Kaeser SX-5 air compressor

Hi, all. On Site Gas systems is proposing a nitrogen gas generating system for our selective soldering machines. We are using tanks of medical grade nitrogen right now.

The proposal replaces our existing air compressor with a Kaeser model SX-5 AirCenter, 5HP, rotary screw compressor. A refrigerated air dryer is part of the compressor. Our existing compressor is a 13 year old 4 cylinder Speedair single stage from Grainger. It is rather noisy, even though I built a sound absorbing enclosure around it.

My questions are does anyone have any experience with the German made compressor and what type of noise does the screw compressor make?

Any help is very much appreciated.

Paul Drahn, President Jodeco, Inc.

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Paul Drahn
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On 9/27/2012 2:43 PM, Paul Drahn wrote: ...

No direct experience, no, sorry. But--

I don't see a SX-5 Aircenter but a 4 kW Aircenter 6 is listed at 61 dB. But, perhaps there's a US set as well I don't know.

I'd recommend contacting the Kaeser rep directly if you can't get all the data you want/need from OnSite (that would make me consider another vendor or at least pull their chain).


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Your wallet will be making the "I am screwed" noise when you will be paying bills.

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Screw compressors are usually a lot quieter inherently - because they soundproof them on purpose, or they'd make a whine/moan. Instead of pistons and cylinders and the chugging... it's basically a GMC 6-71 style Roots Blower driven by an electric motor.

It is better for your bottom line, too - Screw Compressors are usually operated in Unloader mode, they run all day and just kick the compressor in and out as needed. (Switch it off Unloader and into Start-Stop when you go home for the night and over the weekend. Or just Off and let the Speedaire catch it.)

On a 5-HP the main benefit is longer motor life without all the stopping and starting that burns the windings - but on the bigger 10 -

25 - 50 HP ones where your factory is on a Demand {Power Meter system, eliminating all the Start Surges during the day and cutting the Demand Factor adder on your power bill is a huge benefit.

Though I would have them install the new compressor and the N2 Generation System in the same corner as the Speedaire with room deliberately left around it, so you can build another sound cover if it's too noisy for you. Or better yet, wall off that whole corner of the factory into a separate little room - Which is better, because you can ventilate that room to the outside and keep the equipment a lot cooler.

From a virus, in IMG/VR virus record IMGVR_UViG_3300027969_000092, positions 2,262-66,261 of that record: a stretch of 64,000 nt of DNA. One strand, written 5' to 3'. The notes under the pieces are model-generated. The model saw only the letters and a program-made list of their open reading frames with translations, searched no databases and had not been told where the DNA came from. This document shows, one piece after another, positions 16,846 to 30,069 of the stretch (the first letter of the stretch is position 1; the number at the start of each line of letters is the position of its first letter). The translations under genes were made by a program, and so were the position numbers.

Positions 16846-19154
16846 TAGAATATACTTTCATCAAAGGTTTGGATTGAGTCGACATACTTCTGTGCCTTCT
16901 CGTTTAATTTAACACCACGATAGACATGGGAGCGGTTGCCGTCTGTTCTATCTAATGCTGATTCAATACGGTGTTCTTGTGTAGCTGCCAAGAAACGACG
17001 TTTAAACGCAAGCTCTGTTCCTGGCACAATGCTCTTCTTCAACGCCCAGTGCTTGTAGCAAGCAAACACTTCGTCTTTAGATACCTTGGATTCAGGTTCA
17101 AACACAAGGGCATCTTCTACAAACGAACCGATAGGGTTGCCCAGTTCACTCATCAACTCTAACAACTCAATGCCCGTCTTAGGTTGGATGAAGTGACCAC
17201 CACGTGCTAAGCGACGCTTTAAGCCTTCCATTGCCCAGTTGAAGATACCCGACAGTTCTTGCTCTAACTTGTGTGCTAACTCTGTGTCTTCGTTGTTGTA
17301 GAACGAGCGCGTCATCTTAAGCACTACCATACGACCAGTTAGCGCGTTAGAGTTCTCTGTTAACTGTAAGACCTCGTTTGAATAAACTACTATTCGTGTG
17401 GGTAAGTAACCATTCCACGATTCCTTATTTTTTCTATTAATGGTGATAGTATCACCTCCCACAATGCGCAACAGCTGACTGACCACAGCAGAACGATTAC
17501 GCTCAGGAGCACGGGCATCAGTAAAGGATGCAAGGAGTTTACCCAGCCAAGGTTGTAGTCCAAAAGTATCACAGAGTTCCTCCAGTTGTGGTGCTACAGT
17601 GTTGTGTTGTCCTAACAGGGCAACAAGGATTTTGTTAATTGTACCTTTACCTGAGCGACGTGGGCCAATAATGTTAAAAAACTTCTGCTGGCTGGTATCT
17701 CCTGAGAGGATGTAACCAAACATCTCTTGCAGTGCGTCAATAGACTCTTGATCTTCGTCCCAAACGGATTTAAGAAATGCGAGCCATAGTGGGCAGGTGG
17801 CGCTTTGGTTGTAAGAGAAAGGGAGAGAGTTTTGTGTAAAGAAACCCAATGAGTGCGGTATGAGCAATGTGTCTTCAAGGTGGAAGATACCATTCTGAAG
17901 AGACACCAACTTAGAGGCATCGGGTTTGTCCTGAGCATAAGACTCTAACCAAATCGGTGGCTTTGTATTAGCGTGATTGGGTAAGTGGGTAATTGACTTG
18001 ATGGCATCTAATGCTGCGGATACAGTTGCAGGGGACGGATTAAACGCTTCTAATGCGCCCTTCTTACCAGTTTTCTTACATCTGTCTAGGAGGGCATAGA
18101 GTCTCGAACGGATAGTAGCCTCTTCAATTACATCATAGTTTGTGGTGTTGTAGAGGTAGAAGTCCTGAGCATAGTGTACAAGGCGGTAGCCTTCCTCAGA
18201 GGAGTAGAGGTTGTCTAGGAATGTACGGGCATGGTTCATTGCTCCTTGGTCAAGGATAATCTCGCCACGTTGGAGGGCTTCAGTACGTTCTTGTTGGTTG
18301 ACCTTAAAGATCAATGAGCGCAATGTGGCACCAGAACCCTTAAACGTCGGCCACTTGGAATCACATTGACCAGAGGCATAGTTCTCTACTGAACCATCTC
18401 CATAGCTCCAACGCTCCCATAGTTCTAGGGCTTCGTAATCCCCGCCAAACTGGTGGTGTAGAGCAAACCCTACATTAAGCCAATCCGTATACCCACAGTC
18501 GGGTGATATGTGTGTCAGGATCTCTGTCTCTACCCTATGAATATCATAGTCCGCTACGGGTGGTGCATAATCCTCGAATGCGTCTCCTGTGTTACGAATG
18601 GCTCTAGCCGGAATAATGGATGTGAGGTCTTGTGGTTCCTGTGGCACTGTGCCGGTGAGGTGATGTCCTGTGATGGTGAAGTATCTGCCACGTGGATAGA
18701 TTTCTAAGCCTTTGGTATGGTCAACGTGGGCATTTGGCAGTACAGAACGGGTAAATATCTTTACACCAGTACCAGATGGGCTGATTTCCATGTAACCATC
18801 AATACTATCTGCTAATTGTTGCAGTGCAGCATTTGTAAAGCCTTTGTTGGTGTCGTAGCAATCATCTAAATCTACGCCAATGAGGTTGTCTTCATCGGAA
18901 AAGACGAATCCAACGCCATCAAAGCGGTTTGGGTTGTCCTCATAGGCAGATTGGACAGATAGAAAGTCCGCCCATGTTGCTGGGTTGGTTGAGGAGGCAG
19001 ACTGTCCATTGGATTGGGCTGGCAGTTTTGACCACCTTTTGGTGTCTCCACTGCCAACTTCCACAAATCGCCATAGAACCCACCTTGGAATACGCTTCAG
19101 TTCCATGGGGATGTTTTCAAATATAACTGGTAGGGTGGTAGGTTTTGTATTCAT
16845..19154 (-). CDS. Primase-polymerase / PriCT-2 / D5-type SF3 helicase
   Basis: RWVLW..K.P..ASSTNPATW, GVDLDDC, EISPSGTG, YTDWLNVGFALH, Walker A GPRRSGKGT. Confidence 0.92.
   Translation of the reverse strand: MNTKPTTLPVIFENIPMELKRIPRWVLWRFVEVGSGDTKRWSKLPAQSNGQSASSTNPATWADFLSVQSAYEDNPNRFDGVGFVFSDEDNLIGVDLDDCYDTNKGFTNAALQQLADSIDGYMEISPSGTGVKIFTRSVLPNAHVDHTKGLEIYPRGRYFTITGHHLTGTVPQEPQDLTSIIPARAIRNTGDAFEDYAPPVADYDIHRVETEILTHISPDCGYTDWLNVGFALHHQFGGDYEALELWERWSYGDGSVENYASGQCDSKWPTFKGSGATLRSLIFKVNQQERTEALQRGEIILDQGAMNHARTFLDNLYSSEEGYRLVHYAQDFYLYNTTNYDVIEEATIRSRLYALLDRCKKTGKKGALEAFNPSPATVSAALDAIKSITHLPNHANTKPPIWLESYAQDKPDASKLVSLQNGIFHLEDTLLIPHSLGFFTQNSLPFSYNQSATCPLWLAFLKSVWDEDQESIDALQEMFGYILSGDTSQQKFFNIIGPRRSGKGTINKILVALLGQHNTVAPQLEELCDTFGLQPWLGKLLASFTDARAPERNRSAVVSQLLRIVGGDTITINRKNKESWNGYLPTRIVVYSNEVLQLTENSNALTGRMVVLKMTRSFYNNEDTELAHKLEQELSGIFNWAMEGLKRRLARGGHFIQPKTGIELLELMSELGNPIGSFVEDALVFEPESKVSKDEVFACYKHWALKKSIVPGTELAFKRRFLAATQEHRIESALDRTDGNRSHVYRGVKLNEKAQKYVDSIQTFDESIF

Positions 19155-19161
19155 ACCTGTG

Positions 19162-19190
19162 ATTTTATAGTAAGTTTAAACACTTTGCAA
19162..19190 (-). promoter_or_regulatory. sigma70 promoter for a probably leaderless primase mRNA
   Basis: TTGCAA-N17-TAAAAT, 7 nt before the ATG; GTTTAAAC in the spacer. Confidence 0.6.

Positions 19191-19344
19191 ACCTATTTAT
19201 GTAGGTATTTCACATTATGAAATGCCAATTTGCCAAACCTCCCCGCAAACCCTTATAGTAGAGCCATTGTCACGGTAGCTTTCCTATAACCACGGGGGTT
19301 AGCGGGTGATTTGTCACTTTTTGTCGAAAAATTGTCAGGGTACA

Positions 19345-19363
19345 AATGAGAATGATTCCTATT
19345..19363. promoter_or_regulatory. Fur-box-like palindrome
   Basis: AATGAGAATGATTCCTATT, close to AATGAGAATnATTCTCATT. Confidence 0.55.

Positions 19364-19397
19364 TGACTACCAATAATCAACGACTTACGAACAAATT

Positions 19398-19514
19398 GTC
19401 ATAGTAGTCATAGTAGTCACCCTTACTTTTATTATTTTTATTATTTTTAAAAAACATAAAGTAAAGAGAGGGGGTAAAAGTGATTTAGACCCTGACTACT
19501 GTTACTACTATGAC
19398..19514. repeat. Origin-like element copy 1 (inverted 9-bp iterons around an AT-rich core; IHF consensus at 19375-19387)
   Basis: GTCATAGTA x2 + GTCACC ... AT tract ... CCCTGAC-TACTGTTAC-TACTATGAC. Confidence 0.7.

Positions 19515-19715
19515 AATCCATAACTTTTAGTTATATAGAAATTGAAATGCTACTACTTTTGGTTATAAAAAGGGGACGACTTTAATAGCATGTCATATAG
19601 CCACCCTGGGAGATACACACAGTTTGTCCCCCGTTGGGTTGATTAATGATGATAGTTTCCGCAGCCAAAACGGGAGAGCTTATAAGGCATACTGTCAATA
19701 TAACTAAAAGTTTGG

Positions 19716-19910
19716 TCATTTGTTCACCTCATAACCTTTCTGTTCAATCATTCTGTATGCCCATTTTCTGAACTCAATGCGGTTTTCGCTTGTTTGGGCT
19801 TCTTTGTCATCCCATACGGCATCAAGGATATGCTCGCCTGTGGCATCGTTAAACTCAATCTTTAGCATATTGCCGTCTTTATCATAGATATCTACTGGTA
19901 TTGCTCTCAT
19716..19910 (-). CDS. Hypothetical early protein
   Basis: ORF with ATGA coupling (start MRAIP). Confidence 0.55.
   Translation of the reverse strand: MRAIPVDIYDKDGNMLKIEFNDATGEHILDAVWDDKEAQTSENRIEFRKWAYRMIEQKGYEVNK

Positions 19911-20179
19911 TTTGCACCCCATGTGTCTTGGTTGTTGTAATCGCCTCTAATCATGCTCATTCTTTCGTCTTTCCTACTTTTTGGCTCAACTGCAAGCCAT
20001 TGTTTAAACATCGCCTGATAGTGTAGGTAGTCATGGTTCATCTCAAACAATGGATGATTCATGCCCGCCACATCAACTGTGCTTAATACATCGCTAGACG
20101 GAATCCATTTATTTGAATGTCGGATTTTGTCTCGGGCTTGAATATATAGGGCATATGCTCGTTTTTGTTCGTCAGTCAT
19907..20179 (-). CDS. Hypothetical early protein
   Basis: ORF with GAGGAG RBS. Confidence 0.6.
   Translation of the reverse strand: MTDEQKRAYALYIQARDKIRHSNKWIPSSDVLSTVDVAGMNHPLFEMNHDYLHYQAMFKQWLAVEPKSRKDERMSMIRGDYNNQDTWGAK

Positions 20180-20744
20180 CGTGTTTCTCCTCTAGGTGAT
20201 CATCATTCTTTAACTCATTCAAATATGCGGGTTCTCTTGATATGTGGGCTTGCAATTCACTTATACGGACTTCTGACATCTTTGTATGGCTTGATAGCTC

And KEEP the other compressor, now you have a backup. For best results, hook up a few valves so either machine can feed both the N2 Generators and the Shop Air lines to the workbenches, and you can keep going if one fails.

(Though you may have to tell your people to ration air if the Speedaire can't keep up...)

Leave room around the compressors and N2 Generators and it's receiver tank, and rig the piping and wiring so you can get one piece of the puzzle out and replace it with the other still running. You don't want to pay me overtime for coming in after hours, and you don't want your people sitting idle while I work on the air system.

You rig the Air Dryers and Filters with a three-valve Bypass so they can be serviced or swapped with the air system hot too, same reason.

The N2 Generator people might not like you feeding their machine with a piston compressor, but it's for emergencies. If you put a refrigerated dryer and a oil-coalescing filter on the output line from the Speedaire too, they really can't say much.


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Bruce L. Bergman (munged human readable)

Kaeser is VERY good equipment. I see and service a fair amount of it in So. Cal and my impression is that its in the top 3 screw compressor makers.

And they are well sound proofed.


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